Public Congressional hearing on Bahrain
The Tom Lantos Human Rights Commission will hold a hearing this Wednesday in Washington, DC to hear witnesses report on the extent to which the government of Bahrain has implemented the human rights protections recommendations made by the Bahrain Independent Commission of Inquiry in November 2011.
The hearing is open to the public and will take place in Room 2237 of the Rayburn House Office Building (second floor) on Wednesday, August 1, from 1 pm to 3 pm.
The Rayburn Office Building occupies a site southwest of the Capitol bounded by Independence Avenue, South Capitol Street, C Street S.W., and First Street S.W. (View map) in Washington, DC.
Witnesses will appear in three panels.
The witness for the first panel will be Ron Wyden, U.S. Senator for Oregon. Senator Wyden was one of 24 senators and congressional representatives to oppose the sale of arms to Bahrain.
The witness for the second panel will be Michael Posner, U.S. Assistant Secretary of State for Democracy, Human Rights and Labor. Mr. Posner has visited Bahrain five times in the past two years, the most recently on June 12 of this year, when he spoke to the press at the U.S. Embassy in Bahrain.
Four witnesses will testify on the third and final panel. They will be
Matar Ebrahim Matar, former member of Bahrain’s parliament and leading member of Al Wefaq National Islamic Society, the largest political party in Bahrain. Mr. Matar recently appeared on Al Jazeera’s television news program, The Stream (video link) to opine about the state of reforms in Bahrain.
Leslie Campbell, Senior Associate Director and Regional Director of Middle East and North Africa Programs, National Democratic Institute. Headquartered in Washington, DC, the National Democratic Institute was formed by the U.S. government to foster movements toward democracy in foreign nations, and is funded both by taxpayers (through the State Department and other agencies) and by contributions from foreign governments (including, notably, the Kingdom of Bahrain) and donations from others. The organization’s work in Bahrain has focused on encouraging citizen participation in elections.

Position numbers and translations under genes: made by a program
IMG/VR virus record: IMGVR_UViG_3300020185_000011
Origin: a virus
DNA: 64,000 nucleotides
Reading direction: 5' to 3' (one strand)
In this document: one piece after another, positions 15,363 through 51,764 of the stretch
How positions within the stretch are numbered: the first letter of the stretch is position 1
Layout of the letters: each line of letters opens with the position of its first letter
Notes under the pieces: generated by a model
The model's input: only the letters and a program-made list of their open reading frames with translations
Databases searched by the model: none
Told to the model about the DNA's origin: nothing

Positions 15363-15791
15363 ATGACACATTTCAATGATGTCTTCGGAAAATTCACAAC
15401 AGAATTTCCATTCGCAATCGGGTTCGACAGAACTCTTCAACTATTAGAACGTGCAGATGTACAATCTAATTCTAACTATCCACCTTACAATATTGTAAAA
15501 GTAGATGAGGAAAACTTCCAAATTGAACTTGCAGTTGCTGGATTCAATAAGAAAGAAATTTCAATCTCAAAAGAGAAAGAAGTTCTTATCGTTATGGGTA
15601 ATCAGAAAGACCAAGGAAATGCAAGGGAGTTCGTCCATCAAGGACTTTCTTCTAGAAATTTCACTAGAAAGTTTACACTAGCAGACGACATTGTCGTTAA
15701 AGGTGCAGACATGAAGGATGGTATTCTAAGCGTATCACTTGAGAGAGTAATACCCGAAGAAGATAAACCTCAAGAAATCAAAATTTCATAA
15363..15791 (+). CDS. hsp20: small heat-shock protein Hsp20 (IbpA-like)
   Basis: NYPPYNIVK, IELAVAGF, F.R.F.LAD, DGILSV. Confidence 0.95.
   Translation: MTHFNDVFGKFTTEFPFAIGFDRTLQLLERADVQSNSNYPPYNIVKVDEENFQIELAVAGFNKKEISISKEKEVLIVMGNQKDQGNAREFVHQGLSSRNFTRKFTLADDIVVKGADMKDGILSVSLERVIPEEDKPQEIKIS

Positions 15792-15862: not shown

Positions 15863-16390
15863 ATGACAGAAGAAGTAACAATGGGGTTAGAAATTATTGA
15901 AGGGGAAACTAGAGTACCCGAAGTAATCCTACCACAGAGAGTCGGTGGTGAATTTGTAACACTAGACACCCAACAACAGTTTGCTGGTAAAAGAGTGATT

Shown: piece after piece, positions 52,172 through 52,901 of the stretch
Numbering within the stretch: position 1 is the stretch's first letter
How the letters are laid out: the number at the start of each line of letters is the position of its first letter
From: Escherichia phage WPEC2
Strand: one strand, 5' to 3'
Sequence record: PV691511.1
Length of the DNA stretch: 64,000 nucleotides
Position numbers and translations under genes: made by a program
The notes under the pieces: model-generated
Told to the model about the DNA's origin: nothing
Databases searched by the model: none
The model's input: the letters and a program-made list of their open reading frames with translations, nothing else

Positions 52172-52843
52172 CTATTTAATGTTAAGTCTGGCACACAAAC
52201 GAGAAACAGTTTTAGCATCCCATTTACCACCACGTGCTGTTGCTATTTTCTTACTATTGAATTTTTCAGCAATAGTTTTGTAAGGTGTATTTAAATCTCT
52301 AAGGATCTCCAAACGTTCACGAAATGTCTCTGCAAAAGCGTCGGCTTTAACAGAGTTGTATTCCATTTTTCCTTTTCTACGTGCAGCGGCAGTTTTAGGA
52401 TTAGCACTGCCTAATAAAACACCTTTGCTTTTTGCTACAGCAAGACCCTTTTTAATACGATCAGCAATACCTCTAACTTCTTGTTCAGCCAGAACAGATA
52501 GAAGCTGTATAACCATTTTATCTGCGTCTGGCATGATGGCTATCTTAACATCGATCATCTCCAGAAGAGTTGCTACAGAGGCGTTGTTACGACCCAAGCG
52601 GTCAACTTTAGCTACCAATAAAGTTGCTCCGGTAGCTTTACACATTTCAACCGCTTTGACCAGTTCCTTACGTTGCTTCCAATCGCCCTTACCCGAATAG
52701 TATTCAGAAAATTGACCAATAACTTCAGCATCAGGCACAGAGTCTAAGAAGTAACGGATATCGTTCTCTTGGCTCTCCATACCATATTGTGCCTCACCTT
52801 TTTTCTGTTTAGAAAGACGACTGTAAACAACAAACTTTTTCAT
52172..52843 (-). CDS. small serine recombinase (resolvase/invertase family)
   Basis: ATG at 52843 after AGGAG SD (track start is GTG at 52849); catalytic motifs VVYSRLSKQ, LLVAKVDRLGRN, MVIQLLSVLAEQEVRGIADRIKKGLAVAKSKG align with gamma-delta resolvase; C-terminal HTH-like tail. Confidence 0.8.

Tom Walinowski, Director of Human Rights Watch. Human Rights Watch is a New York-based nonprofit organization that has advocated for human rights in Bahrain.
Richard Sollom, Deputy Director of Physicians for Human Rights. This organization has advocated for dismissal of charges against the Bahraini medics and has called for a cease of the indiscriminate and excessive use of tear gas in Bahrain, which has been linked to fatalities and miscarriages. The nonprofit is based in Massachusetts.
From Union Station:
Start off going around Columbus Circle and joining 1st Street Northeast, going south. Take a left onto D Street, and shortly afterward a right onto 2nd Street Northeast. Follow 2nd Street South until it becomes 2nd Street Southeast, then take a right onto C Street Southeast. Follow C Street down the hill. The Rayburn House Office Building will be the fourth large building on your right, at the bottom of the hill.
From Capitol South Station:
Start off walking north on 1st Street, and cross C Street. Take a left and walk down the hill, following C Street. The Rayburn House Office Building will be the third large building on your right, at the bottom of the hill.
From Federal Center Southwest Station:
Start off walking north on 3rd Street, and take a right at C Street. Follow C Street to 2nd Street, then cross the road and the park. Stay on C Street across the roads, and you will see the Rayburn House Office Building on your left.
- U.S. Assistant Secretary of State Michael Posner reiterates calls for accountability, restraint in Bahrain (bahraincoordinatingcommittee.org)
- Ambassador Donahoe calls for reforms in Bahrain (bahraincoordinatingcommittee.org)